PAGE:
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Introducing the Concept of Black Swans in Business

The world is going through crazy times. In 2011, a tsunami that hit Japan’s coasts caused a massive nuclear disaster. China tightened its limits on exports of rare earth minerals, which many industries rely on. Uncertainty in the Middle East and northern Africa caused a sharp increase in gas prices. Last but not least, the European recession lead to political and economic destabilization.
These high-magnitude, low-frequency events are described by Nassim Nicholas Taleb as black swans. In his book The Black Swan: The Impact of the Highly Improbable (Random House, 2007), he defines a black swan as “an event with the following three attributes. First, it is an outlier, as it lies outside the realm of regular expectations, because nothing in the past can convincingly point to its possibility. Second, it carries an extreme impact. … Third, in spite of its outlier status, human nature makes us concoct explanations for its occurrence after the fact, making it explainable and predictable.”

The effect of a black swan on businesses is extensive, even if it happened halfway across the world and is irrelevant to the industry you’re active in. Whether it is an environmental, economic, political, or technological catastrophe, because it is so massive it is sure to affect someone in your supply chain: suppliers, consumers, partners, employees, or shareholders.
Black swans carry increased risk as the business world becomes a “global village”; businesses from different countries and industries are dependent upon each other for sourcing, manufacturing, and shipping. Moreover, the financial, economic, and political systems of different countries are intertwined and affect each other constantly.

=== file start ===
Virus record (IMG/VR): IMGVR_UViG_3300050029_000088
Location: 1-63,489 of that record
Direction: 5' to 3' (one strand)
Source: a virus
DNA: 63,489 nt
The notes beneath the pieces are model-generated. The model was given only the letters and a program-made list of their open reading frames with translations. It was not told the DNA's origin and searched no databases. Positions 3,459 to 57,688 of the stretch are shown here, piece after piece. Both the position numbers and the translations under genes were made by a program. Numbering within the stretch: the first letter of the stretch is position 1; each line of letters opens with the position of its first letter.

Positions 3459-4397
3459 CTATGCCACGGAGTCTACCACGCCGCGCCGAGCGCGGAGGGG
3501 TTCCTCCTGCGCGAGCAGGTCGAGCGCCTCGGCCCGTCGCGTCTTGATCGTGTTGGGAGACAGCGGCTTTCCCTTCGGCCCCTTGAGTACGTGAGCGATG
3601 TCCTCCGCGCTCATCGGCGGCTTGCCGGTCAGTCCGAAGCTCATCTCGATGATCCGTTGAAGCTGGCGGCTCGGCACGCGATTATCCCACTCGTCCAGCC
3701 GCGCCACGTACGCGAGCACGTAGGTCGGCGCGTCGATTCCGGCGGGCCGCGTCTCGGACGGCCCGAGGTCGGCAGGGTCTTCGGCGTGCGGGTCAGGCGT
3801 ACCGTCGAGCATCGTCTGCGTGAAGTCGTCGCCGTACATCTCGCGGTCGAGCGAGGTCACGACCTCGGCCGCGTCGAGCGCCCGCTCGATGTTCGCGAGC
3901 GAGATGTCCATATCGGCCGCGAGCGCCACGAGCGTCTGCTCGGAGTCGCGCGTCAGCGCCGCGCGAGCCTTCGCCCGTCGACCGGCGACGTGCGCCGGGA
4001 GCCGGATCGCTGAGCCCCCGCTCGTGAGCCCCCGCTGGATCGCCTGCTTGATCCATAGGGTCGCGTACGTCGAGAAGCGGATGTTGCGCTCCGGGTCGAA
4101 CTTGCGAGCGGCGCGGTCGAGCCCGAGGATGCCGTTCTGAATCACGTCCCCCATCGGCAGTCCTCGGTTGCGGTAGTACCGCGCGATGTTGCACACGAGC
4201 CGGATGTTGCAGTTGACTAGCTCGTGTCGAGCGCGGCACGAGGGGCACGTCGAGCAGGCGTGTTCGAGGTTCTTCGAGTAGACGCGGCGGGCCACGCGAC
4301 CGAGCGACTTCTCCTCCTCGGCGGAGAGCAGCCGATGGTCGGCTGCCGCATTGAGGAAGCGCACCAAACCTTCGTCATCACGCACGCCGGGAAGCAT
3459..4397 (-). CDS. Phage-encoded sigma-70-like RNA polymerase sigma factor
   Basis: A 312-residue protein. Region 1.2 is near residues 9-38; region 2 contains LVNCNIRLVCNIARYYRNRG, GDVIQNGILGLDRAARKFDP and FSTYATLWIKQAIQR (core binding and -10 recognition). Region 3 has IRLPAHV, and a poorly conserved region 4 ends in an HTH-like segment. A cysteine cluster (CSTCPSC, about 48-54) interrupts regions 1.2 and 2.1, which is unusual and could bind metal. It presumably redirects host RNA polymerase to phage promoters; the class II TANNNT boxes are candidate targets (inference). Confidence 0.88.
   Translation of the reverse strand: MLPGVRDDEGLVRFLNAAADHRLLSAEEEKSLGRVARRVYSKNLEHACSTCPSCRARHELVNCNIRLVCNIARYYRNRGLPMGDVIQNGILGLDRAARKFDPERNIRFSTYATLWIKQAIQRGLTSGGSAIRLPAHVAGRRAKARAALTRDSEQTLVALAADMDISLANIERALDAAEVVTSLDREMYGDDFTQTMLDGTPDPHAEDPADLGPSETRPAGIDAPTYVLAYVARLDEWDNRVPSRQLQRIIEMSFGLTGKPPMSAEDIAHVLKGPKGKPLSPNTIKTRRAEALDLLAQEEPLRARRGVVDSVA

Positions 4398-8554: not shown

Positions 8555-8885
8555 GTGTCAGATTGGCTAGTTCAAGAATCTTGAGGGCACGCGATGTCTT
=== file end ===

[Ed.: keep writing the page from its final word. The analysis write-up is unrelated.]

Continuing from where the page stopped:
The good news is that you can prepare for these events by implementing the Disruptor Analysis Stress Test, a risk management methodology introduce by the consultancy firm Booz & Company.

The analysis includes four steps:

1. Mapping the enterprise: To assess how black swans can affect your business, you first need to map your supply chain and look beyond first-order relationships. This operational map should also include the industry structure and competitive dynamics.

2. Creating the disruptors list: Create a list of all black swans you can think of. Be creative. After the list is assembled, categorize the different possible events by the type of impact they might have on your business. This will help you prepare more efficiently by focusing on finding a possible action plan for each category rather than each event.

3. Asking “what if”: In this stage you and your team will try to determine the relative impact and consequences of a given catastrophe. This stage will help you understand which black swans could affect your business the most and think of new and unexpected consequences they might have.

4. Implementing contingency plans: Usually, while asking about “what if,” you will find yourself also thinking about operative ways to prepare for the different black swans. In this stage, focus on trying to find plans that address multiple risks, and then prioritize them based upon importance and cost efficiency.

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